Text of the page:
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Union Govt. formed Mihir Shah Committee to restructure water agencies

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Seeking to carry forward the Gujarat-model of irrigation reform in the country and to quickly complete the task of aquifer mapping to quantify available groundwater resources, the Centre has constituted a seven-member committee to restructure the central water commission (CWC) and the central ground water board (CGWB) – the two key central bodies that manage water resources in India.

  • The committee, headed by ex-planning commission member Mihir Shah, has been asked to submit its report in three months so that government can make a policy framework to utilize available water resources in the country in a better way.

The committee has been asked to:

  • Work on water resource planning, augmenting and budgeting in an integrated manner.
  • undertake an elaborate mapping exercise as part of river basin planning, which will include mapping and characterising of aquifers.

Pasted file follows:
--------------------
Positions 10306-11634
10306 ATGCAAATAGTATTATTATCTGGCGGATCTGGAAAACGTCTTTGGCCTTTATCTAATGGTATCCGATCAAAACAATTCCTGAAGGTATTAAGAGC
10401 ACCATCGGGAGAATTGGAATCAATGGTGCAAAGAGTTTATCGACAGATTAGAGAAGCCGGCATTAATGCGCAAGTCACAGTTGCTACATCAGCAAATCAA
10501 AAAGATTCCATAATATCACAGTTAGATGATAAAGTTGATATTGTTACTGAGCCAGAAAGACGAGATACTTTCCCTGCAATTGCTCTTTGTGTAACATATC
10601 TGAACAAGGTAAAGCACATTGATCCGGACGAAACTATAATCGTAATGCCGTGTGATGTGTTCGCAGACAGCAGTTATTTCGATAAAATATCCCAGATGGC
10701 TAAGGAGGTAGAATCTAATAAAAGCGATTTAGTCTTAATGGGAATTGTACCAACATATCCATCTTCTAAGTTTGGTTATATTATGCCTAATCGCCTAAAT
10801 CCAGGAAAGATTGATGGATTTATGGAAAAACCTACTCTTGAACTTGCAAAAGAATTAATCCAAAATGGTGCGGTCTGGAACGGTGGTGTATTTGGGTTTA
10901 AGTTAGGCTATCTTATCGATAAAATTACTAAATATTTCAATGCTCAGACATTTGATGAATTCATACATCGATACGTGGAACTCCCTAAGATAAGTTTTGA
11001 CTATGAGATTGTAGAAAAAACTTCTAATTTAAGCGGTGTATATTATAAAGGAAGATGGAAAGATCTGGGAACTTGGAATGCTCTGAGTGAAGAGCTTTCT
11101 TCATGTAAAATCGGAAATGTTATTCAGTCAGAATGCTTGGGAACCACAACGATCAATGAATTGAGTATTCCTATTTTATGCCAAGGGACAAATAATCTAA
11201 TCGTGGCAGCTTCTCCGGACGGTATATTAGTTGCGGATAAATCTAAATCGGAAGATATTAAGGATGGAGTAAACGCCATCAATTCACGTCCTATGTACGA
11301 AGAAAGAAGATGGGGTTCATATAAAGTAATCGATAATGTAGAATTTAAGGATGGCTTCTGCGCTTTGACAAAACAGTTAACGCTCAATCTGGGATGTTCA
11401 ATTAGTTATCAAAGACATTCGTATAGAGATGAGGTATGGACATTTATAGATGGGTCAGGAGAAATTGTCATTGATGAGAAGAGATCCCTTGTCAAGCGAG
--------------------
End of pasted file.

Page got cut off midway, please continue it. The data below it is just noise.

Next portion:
• suggest ,measures to ensure water availability to farmers through creating last-mile connectivity.

Since more than 60% of the available water is used for irrigation purpose, the focus of the panel would be to recommend suitable re-orientation and restructuring of the CWC and the CGWB at river basin and sub-basin level to take care of the needs of farming sector.

Why restructuring of these water bodies is necessaruy?

  • to optimally develop water resources in India so that all river basins and resources can be managed keeping in mind the increasing unpredictability of the monsoon and other climate factors.
  • Decreasing per capita availability of water and the huge projected demand of this natural resources by 2050 are also triggers for such a move.

While the CWC is working for managing\monitoring surface water, the role of the CGWB is to look after the ground water situation in the country.

Gujarat’s model:

Gujarat’s model inlcudes water harvesting, drip irrigation, conservation of water resources through micro irrigation network and setting up or creating village pond, check dams and ‘boribandh’ (sand bag) dams so that water actually reaches the farmers in all areas within the state.